A Lament for a Lizard

We’ve owned our house in Tucson for the past fifteen years.  That may be a misstatement.  It’s more likely the house has owned us.

It was a project when we bought it—a mid-century-not-so-modern—that had been remodeled badly, several times, most recently by someone who had zero understanding of the term “load-bearing walls” and who had cut through them with wild abandon.  The electrical service was a mess with 220 live wires twisted together without so much as a wire nut in sight.   The house, was in fact, one Bill Schilb away from the wrecking ball.  We tackled the infrastructure first—replacing the non-working AC system, cleaning the never-before-cleaned ductwork (Broke the duct cleaning guy’s vacuum machine.  He had to drag the first one away and come back with another!), and getting rid of the rooms’ worth of incredibly filthy and decades old shag carpeting.

Once that initial bout of frenzied rehab ended, we lived with the house as is for the better part of two years before gearing up to do a six-month live-in remodel.  I can tell you with the voice of experience, that live-in remodels are hell.  During that time, we stripped the place down to the studs, re-engineered walls to make them load-bearing again, replaced the electrical service, fixed knotty plumbing issues, and brought a 1940s-vintage kitchen into the 21st century.  Whew!

By the time we got to the kitchen part of the rehab, we were running out of remodeling time and money, so we made a few compromises.  Natural gas was roughed in for the stove-top, but no gas cooktop was available right when it was needed.  Instead, we ended up installing an electric infrared glass cooktop and pretty much hated it from day one.  As for the granite slab countertops we’d planned on?  We were totally out of time by then, so we ended up laying granite tile on the countertops instead.

During all this flurry of activity, the outside of the house needed lots of work, too, but it remained much as it was when we started. Gradually we began upgrading the small enclosed yard at the back of the house. We laid tile over the patio’s damaged concrete that was hell to walk on in bare feet.  We replaced the pool heater, fixed the pool deck and hot tub, and extracted a jungle’s worth of lantana from the pool yard.  When we first moved in, one the side of the lot opened on a major east/west thoroughfare while the other opened on a utility easement.  Lots of dazed and confused people came wandering through that back backyard and those visitors brought with them more than their fair share of left-behind beer cans and bottles along with all kinds of general trash.  One day while driving through town, we spotted a pickup truck with a sign that said, the Irish Setter.  We actually followed him to a stop light to get his phone number.  He was a bricklayer who hailed from Ireland.  We hired him almost on the spot.  He and his crew built a five-foot tall block wall around the entire perimeter of the lot.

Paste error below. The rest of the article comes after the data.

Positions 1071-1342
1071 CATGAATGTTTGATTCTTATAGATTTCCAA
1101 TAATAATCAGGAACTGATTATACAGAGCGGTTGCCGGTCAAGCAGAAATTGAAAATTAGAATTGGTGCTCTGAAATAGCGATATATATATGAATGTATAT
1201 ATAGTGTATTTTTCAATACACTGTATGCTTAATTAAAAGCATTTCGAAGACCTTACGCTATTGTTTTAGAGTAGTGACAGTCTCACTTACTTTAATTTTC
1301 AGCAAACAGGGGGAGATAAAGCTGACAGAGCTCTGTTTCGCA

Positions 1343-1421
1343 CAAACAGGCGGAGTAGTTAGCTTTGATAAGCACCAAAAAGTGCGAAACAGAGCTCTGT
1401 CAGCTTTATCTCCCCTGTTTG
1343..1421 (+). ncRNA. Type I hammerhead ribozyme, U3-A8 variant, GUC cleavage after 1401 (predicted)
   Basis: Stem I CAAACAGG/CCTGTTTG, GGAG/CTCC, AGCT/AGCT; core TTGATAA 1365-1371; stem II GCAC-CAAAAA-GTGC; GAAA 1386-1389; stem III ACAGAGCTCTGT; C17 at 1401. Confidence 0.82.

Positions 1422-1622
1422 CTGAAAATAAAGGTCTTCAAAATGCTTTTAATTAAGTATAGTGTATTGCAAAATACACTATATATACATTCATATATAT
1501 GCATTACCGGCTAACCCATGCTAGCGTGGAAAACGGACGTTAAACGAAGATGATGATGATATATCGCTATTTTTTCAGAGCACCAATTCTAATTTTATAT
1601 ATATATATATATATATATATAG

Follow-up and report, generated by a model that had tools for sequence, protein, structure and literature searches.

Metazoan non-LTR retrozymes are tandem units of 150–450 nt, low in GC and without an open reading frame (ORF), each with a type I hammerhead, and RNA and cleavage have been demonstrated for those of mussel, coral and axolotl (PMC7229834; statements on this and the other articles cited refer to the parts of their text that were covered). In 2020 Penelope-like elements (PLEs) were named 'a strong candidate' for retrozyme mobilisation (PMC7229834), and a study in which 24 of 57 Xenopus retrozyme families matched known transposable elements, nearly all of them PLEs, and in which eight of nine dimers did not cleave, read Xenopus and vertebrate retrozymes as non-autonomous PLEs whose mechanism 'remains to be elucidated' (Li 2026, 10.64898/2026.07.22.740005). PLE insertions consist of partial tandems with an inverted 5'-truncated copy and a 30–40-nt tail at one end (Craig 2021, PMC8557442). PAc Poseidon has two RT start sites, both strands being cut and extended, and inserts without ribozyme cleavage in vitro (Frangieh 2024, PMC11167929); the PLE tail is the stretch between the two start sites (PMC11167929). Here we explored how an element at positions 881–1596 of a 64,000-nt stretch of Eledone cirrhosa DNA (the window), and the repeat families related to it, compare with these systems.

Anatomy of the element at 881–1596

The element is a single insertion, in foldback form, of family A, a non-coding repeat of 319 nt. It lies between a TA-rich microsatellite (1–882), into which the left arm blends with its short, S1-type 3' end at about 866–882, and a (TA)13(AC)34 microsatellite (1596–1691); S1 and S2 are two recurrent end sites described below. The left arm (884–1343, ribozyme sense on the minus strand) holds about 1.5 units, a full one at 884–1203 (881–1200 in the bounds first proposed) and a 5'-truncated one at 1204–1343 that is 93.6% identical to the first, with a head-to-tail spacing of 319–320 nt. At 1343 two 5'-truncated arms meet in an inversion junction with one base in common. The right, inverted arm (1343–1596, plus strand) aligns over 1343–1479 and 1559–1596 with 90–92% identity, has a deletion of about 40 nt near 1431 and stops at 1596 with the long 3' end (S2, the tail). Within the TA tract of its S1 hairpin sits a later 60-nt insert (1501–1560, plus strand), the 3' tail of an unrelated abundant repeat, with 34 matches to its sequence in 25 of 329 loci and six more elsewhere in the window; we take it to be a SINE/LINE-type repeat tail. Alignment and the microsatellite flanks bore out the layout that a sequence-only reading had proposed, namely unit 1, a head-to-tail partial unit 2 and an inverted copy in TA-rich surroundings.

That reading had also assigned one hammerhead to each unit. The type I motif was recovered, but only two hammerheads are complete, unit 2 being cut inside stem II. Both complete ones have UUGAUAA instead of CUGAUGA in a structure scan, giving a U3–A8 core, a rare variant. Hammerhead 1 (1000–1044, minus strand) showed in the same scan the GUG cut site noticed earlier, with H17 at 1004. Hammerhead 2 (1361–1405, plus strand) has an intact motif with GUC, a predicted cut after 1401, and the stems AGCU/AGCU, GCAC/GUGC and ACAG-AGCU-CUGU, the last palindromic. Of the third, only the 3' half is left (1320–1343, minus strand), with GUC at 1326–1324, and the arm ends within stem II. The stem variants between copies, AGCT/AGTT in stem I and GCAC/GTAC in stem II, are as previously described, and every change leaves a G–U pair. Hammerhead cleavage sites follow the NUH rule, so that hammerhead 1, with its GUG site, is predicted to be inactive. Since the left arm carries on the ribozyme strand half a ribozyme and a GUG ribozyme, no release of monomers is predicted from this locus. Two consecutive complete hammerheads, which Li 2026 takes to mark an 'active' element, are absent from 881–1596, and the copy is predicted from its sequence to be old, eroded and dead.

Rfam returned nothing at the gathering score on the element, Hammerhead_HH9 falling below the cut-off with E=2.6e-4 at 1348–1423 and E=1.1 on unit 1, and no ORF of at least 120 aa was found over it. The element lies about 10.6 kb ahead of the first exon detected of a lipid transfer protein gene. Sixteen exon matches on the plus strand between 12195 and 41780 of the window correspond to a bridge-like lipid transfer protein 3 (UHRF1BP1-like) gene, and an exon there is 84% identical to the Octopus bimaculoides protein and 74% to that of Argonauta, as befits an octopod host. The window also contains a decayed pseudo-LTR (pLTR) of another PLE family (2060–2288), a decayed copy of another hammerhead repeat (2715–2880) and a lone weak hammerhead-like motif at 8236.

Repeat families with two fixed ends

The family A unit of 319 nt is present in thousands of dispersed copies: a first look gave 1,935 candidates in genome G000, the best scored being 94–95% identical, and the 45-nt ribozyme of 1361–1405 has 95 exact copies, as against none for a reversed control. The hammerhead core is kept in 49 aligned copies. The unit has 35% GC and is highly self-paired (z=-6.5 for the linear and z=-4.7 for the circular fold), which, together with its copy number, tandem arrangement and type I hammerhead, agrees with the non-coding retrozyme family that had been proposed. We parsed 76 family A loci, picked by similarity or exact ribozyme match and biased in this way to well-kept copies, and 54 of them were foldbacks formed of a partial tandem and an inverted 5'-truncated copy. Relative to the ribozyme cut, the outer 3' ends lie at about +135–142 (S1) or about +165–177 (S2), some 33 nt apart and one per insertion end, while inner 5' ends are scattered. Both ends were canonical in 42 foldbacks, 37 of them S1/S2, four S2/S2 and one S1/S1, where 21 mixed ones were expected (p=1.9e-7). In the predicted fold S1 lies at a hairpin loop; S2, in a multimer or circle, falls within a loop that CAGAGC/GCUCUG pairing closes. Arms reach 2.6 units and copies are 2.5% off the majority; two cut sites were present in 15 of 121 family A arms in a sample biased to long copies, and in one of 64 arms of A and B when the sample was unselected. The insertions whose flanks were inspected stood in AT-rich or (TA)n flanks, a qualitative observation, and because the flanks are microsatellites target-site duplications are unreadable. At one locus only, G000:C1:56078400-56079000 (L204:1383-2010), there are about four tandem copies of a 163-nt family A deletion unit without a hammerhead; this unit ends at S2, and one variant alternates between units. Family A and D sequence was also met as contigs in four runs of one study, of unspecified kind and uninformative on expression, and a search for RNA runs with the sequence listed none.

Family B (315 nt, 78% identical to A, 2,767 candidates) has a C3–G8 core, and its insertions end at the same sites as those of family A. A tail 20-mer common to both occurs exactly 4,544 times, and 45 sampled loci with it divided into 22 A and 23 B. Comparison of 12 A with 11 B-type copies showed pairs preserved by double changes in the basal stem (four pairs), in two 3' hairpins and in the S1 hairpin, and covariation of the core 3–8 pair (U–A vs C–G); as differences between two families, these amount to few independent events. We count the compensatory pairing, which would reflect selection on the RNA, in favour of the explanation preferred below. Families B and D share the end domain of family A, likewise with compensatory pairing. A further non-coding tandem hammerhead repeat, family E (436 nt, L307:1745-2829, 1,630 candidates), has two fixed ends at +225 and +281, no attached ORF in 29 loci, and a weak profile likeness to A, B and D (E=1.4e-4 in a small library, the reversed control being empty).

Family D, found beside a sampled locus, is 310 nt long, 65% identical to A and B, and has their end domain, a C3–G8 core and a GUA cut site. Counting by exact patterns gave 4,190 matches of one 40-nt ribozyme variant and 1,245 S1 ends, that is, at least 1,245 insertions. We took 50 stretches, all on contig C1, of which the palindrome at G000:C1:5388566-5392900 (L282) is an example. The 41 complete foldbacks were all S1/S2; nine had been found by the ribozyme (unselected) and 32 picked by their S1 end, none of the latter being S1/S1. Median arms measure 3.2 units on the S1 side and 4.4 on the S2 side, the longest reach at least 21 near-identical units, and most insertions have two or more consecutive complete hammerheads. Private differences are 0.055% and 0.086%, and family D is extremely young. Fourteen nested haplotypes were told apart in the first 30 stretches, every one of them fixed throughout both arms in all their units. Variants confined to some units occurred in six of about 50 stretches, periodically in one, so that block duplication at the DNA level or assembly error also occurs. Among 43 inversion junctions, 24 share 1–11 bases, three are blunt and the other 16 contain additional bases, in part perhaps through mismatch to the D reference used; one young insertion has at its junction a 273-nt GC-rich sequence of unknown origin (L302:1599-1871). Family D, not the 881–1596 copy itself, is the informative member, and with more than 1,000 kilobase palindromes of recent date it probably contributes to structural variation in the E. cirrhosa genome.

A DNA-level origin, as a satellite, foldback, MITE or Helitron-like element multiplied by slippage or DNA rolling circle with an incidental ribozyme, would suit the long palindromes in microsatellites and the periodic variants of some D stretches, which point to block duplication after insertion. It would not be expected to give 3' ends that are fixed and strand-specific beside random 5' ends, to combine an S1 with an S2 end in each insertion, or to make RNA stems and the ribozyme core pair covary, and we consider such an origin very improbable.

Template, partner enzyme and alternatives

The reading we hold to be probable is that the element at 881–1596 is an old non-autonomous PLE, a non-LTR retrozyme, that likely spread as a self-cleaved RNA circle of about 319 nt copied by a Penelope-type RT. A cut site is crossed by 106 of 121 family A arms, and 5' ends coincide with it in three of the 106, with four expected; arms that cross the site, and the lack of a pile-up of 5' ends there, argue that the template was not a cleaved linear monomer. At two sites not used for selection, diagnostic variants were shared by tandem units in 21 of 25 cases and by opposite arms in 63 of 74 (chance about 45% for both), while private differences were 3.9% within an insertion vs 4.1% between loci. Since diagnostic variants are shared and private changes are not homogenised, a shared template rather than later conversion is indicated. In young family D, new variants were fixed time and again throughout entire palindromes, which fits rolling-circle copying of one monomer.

Next up, we discovered that our lot came with water rights which we either had to use or lose.  We hired a guy to dig the well, but it turned out he wasn’t particularly good at it.  That meant we had to hire someone else to drill a second well, one that actually works.  We added landscaping here and there, including a wonderful Texas ruby grapefruit which we’ve been enjoying for breakfast every day since we’ve been here.  We had a huge adventure moving a palm tree that was close to the house and cutting down a seventy-five foot tall rotted palo verde that could easily have taken out our newly remodeled kitchen

When a stranger came wandering through our house in the middle of the night a few years later, we immediately installed security shutters over all the patio sliders.  Last year we replaced the roof and installed security screens (You may have seen the commercial.  They’re the ones that can’t be broken by a guy wielding a crowbar or bat) on all windows not covered by shutters.  We also replaced the single pane windows with triple pane.  You’d be amazed how much quieter it is inside the house these days.